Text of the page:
The Indian Central Para-Military Forces have also evinced interest in the Super Hercules aircraft as also the IAF may double the size of the fleet in due course. The first of the six C130J for the IAF is scheduled to be delivered early January 2011 with the second one following soon after. These aircraft with Indian markings, in all likelihood, will be displayed at Aero India 2011 and the OEM will most certainly push hard for the finalisation of the deal for the next batch of the Super Hercules. Lockheed Martin also has a contract for a three-year package of maintenance support for the fleet.

A few months after Lockheed Martin bagged the deal for the Super Hercules, the Indian Ministry of Defence placed orders for eight P8I, next generation, long range maritime patrol aircraft for the Indian Navy. The deal valued at around $2.14 billion involves the development of a customised version of Boeing 737 NG platform based P8 being developed for the US Navy. The first aircraft is expected to be delivered to the Indian Navy in 2013-2014. This aircraft is expected to provide a quantum leap over the capability of the P3C Orion that for the first time had participated in a flying display at Aero India 2005.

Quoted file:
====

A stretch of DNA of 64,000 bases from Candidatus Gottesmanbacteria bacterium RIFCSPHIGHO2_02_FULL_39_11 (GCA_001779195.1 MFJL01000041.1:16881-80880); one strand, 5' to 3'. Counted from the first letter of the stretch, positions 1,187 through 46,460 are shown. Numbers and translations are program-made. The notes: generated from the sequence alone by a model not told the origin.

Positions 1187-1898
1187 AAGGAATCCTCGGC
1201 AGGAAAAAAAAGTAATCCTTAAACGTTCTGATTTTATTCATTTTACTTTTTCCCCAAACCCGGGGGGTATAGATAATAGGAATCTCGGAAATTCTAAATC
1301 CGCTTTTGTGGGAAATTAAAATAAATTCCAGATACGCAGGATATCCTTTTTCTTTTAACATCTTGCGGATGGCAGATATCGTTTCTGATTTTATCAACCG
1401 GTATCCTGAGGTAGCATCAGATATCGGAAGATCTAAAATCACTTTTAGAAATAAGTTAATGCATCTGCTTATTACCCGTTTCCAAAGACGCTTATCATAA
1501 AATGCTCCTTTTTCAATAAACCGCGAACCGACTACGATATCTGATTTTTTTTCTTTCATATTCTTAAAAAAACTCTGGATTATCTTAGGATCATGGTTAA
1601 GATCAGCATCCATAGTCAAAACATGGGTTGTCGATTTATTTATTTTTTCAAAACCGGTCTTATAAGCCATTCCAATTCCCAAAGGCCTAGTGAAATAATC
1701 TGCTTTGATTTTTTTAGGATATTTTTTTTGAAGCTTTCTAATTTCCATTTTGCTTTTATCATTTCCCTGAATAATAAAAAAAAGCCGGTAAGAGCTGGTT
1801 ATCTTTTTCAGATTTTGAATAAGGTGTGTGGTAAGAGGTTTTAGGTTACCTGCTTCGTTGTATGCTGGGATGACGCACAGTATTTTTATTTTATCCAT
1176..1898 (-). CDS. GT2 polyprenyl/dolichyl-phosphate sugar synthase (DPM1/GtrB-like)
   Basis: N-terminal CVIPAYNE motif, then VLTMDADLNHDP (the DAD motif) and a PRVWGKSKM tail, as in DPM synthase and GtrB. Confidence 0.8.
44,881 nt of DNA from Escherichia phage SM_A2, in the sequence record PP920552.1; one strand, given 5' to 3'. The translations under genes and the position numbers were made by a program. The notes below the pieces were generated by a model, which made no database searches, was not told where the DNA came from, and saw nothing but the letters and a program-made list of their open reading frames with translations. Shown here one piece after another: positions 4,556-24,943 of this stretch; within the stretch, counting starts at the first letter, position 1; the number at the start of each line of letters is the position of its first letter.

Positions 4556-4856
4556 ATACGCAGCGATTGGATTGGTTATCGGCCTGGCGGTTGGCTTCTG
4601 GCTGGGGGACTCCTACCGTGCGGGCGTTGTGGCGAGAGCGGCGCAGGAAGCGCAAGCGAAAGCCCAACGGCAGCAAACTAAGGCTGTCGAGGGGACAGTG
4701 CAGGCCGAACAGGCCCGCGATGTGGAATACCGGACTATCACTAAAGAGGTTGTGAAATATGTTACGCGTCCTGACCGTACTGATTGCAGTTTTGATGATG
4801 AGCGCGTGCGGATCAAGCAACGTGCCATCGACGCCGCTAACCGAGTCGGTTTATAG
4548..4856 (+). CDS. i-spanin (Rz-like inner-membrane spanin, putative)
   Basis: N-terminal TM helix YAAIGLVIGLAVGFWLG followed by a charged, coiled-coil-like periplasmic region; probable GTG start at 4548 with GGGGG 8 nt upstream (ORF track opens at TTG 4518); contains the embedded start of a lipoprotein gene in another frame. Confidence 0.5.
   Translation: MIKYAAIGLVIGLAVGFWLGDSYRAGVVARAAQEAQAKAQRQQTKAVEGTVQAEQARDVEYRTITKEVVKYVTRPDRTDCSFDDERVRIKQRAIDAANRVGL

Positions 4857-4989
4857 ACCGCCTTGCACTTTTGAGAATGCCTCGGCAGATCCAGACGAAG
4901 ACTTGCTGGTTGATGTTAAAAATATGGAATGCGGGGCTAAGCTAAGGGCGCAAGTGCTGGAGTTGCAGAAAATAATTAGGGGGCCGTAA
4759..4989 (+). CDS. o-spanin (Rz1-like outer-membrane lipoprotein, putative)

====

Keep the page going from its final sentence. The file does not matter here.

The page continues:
Boeing Company is the world’s leading aerospace and defence company, providing products and services to customers in 145 countries. It is firmly established in India in the civilian segment attracted by a demand estimate for the Indian market of 1,000 commercial jets valued at approximately $100 billion over the next two decades. However, Boeing Defense, Space & Security (erstwhile Boeing Integrated Defense Systems) has stolen a march over its rival Lockheed Martin with its offer of the C17 Globemaster III, reputed to be the world’s most advanced strategic military transport aircraft.

1 2
Rate this Article
Star Rating Loader Please wait...
The views expressed are of the author and do not necessarily represent the opinions or policies of the Indian Defence Review.

About the Author

Air Marshal BK Pandey

Former AOC-in-C Training Command, IAF.

More by the same author

Post your Comment

2000characters left